The delayed Operations Evaluation Department Report Environment Review, a major input to the strategy, has recently been released. It contains many criticisms of the current environmental performance of the Bank. The draft strategy document and the OED report are currently being discussed in an online forum.

World Bank completes consultations on forestry review

The series of eight Regional Consultations on the World Bank's forest policy have been completed. Reports of these meetings and a document summarizing the main issues are now on the web. The Operations Evaluations Group has submitted a report on the International Finance Corporation’s compliance with the Forest Policy. The Bank circulated an Issues paper, drawing out some of the lessons from the OED and Regional Consultations. It has also now started discussion of a preliminary draft of a new forest strategy and policy, in bullet point format, based on the findings of all these reviews. A Technical Advisory Group, including governments, companies and NGOs has met once to discuss this draft strategy and policy. The Bank has also agreed that its new forest policy safeguards will also apply to structural adjustment loans, but it is currently unclear what this would mean in practice.

Links and websites

Short briefings on World Bank and IMF

A series of NGO briefings on a wide range of policy, project and institutional issues relating to the World Bank and IMF. Commissioned by the Bank Information Centre from authors worldwide, at the request of the Central and Eastern European Bank watch Network.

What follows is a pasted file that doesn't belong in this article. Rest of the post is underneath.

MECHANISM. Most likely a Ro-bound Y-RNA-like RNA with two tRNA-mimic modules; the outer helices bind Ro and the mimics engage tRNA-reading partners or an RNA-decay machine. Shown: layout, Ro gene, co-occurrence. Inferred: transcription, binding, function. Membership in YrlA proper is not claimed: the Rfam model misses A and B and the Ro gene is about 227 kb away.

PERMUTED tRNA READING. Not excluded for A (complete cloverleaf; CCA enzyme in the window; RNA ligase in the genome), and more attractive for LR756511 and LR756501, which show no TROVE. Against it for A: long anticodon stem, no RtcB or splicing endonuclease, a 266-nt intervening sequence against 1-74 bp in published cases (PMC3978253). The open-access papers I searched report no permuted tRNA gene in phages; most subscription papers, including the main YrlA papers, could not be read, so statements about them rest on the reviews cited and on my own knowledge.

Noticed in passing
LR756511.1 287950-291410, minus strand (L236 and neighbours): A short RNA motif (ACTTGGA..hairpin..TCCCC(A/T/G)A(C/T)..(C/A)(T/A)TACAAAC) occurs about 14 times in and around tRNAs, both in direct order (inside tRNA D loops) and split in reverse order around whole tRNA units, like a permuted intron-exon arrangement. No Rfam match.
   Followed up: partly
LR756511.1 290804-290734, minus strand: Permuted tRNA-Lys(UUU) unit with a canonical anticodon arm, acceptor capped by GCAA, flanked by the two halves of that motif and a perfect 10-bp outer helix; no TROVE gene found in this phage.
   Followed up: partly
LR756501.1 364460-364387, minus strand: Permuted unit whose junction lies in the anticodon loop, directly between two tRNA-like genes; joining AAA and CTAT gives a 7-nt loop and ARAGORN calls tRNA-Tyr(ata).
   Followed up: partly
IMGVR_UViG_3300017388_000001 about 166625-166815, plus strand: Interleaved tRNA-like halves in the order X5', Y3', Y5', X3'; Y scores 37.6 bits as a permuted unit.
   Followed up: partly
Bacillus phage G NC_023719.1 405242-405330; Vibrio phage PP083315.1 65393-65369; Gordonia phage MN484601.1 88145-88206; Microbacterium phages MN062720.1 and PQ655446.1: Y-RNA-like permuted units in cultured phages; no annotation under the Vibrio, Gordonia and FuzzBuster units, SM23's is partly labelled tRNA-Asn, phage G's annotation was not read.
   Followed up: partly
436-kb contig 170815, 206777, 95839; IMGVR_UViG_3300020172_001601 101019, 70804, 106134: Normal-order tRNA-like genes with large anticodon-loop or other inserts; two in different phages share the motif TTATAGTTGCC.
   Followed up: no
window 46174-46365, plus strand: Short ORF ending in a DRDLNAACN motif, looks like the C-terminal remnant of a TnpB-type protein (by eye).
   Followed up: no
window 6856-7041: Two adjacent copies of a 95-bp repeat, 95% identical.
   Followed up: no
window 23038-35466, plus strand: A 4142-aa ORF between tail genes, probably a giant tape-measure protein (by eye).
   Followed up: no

Profiling Problem IFC Projects

A series of short case studies of projects backed by the International Finance Corporation. They raise serious issues about the extent of IFC attempts to introduce development impact analysis and safeguard policies.

Globalizing Poverty, the World Bank, IMF and WTO

A special report from The Ecologist magazine with leading authors discussing the problems with global economic institutions.

Dubious Development

Friends of the Earth report examining private sector lending of the World Bank Group.

A Makeover for the Bretton Woods Twins?

Heinrich Böll Foundation compilation of responses to the Meltzer Commission proposals for reforming the World Bank and IMF.

Resistance to IMF

World Development Movement report on protests against IMF policies across the world.

Background to Globalization

A non-technical discussion of the political and economic aspects of globalisation.

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This IFI update is published by Down to Earth, the International Campaign for Ecological Justice in Indonesia.